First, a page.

Result of this hypothetically probableThe scenario will be the development of mining, investing and trading. The emergence of new exchanges, the rapid growth of hotel mining in regions with low electricity costs. And as a result, the appearance in these systemically important regions of the so-called cryptodolin, as in the project that Sergey Arestov from BitCluster proposed. The experience of the company is interesting in that in Bratsk, where the company's infrastructure base is located and one of the largest mining hotels in Russia, the industrial mining development project is actively supported at the city administration level. The mayor of Bratsk openly declared support for the company's initiatives, in particular, the official noted
“This is a completely new part of the economy and trade of Bratsk, and for us this project is interesting in all respects.”
But while such symbiotic relations between crypto-entrepreneurs and government representatives (even municipal) are rare. More often government bodies take a position of careful non-interference.
The most significant disadvantages that will bethe constraining factors of the scenario (even in the “Belarusian version”) are the inability to control transactions, which, according to regulators, opens up scope for the shadow economy. It is precisely on the connection between crime and cryptocurrencies that legislators base populist statements. The truth is strange, why then they do not want to ban cash fiat in Russia, because it is used at least in the shadow economy.
Complete ban on working with open blockchain
Unlike the first option, this scenariosignificantly more likely. I think it is unnecessary to relay all statements with a negative assessment of cryptocurrencies made by government officials and directly by regulators. It’s easier to count the positive. With the development of this scenario, it is difficult to assume any changes that are useful for the economy and country.
The main motivational argument for the banis a shadow economy. The problem is that bans will not affect her in any way. With the same success, the Internet can be banned - just as absurd. Let drug dealers, pornographers, corrupt officials, scammers and other villains be a little more difficult to cash out or spend crypto, but this will not significantly affect either their number or the way they earn money. Even with the ban on the Internet, they will calmly return to cash, no less anonymous.
At the same time, law-abiding participants will suffermarket. Miners, traders, crypto entrepreneurs, investors. They will be forced to move their business to more loyal countries with low electricity costs. The cryptocurrency market is quickly criminalized, it will end with another witch hunt, as was the case with currency in the USSR.
A relative plus can be considered thatit will be possible to avoid the massive buying up of coins by people who do not understand how to engage in trading and investing. Such people often lose everything, after which associations arise about MMM and tulip bulbs.
However - this will close the legal market not onlyfor the poor at risk, but generally for everyone. The ban also buries infrastructure projects and, naturally, any investment in them. Moreover, any inactive unprofitable enterprise with well-preserved cable management is a potential base for a mining hotel, an industrial mining zone.
Thus, when delegating cryptocurrencies, Russia will receive:
- loss of efficient use of space in unprofitable enterprises;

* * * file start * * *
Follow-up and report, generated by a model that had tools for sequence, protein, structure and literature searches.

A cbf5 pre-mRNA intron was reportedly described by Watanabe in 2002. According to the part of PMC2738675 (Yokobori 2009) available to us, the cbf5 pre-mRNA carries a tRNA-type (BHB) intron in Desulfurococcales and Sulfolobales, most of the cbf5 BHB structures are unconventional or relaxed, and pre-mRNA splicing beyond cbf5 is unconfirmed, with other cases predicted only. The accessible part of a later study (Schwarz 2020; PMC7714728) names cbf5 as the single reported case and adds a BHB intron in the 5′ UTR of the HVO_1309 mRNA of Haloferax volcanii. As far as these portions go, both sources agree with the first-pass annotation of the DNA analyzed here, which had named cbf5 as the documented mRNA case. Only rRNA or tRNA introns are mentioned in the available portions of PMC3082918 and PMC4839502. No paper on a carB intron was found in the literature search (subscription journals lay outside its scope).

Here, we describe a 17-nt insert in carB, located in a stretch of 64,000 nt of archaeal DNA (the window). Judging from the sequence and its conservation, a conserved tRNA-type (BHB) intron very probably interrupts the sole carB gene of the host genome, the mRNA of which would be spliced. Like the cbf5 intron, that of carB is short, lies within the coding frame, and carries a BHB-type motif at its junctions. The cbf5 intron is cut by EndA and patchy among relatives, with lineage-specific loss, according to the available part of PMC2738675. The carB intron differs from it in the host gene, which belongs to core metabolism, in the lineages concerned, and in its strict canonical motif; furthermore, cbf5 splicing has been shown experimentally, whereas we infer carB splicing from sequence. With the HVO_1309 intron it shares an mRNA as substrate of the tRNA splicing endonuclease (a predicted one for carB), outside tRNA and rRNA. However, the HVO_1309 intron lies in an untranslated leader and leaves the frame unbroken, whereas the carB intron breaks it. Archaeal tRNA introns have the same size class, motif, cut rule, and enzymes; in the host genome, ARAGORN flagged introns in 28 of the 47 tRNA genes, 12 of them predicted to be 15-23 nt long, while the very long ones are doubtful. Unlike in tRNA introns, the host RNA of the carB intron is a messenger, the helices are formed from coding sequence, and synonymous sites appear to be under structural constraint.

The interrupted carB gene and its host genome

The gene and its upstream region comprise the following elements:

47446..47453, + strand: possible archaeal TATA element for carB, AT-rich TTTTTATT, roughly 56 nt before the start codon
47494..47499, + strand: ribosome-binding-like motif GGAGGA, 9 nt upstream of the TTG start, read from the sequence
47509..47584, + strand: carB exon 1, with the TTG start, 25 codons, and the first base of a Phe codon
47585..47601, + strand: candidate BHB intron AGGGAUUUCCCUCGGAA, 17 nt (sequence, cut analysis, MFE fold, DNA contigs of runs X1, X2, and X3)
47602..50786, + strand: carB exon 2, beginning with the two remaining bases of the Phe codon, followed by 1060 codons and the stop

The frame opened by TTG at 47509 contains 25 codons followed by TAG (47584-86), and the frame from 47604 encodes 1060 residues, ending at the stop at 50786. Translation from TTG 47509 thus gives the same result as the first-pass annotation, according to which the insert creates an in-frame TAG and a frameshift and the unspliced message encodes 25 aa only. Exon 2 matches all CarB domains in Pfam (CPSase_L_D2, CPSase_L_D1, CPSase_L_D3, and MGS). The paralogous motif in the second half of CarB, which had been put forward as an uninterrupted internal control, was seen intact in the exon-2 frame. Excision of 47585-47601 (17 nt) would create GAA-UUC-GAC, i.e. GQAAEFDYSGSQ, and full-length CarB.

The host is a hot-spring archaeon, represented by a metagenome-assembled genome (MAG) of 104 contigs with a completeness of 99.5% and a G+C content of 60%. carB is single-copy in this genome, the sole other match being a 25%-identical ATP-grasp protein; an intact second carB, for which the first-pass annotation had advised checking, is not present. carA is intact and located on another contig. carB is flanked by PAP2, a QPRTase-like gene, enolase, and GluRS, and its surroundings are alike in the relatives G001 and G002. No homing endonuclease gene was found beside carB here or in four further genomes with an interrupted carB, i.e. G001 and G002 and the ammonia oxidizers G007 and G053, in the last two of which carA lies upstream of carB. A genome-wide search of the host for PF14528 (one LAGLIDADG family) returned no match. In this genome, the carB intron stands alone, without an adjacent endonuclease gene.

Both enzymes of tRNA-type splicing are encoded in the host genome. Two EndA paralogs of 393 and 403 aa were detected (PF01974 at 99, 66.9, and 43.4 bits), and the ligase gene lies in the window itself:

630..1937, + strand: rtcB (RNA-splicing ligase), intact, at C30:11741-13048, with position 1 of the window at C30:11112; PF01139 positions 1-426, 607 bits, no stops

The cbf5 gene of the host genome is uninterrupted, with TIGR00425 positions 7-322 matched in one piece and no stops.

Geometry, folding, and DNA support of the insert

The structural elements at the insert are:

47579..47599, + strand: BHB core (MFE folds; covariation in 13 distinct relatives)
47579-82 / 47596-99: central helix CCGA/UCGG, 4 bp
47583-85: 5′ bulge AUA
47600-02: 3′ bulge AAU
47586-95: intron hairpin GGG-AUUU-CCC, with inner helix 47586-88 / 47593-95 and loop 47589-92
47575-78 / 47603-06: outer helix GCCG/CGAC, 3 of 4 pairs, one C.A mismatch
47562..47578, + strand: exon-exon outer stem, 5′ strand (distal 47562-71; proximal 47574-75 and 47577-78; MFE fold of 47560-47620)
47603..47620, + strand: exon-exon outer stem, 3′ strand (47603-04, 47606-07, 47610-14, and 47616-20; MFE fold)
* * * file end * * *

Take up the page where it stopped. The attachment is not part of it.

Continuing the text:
- loss of taxes from the legal sale of ASIC miners;
- loss of taxes from the sale of electricity;
- criminalization and marginalization of the legal coin market, which is now relatively transparent and quite ready for regulation;
- a dubious victory over a non-existent adversary.
This scenario involves matchingprohibitive and permissive measures, as well as control by the regulator. For example, the Bank of Russia. The main problem here is that so far no model of interaction between regulators and crypto-communities has been presented to the public. The control mechanism is also not clear. Despite the relative convenience of such a scenario for both the state and the crypto community, its practical implementation has not been worked out.
Obviously, for such a scenario there will beAn intermediary is needed, in the form of an exchange controlled by the Bank of Russia or a service, or directly through the Bank of Russia itself. Thus, the regulator will be able to carry out its intermediary functions, and crypto entrepreneurs will be able to carry out activities within the legal framework.
Today, many indirect factors speak ofthat this scenario is being prepared. So, in an interview with The blockchain journal, the head of the State Duma's working group on cryptocurrency turnover risk assessment Elina Sidorenko shared information that the development of the bill took into account international experience in the regulation of crypto assets.
An indirect factor indicating permission within the state. regulation is that the control over the creation of the bill is carried out not by conservative Putin, but by geek Medvedev.
Bright prospects and possible failures
Pretty obvious is that the regulatorsand the state as a whole is more advantageous than the last option. This will open up opportunities for investment, and will allow you to receive funds from taxes. The Bank of Russia will gain ample opportunity to control the cryptocurrency market and crypto emission.
It’s important to understand that under the Russianspecifics, everything can turn out to be “smooth” only “on paper”. Given that the technical implementation of control is fraught with “the development of hemorrhoids” among officials of the Bank of Russia and the Ministry of Finance.</p>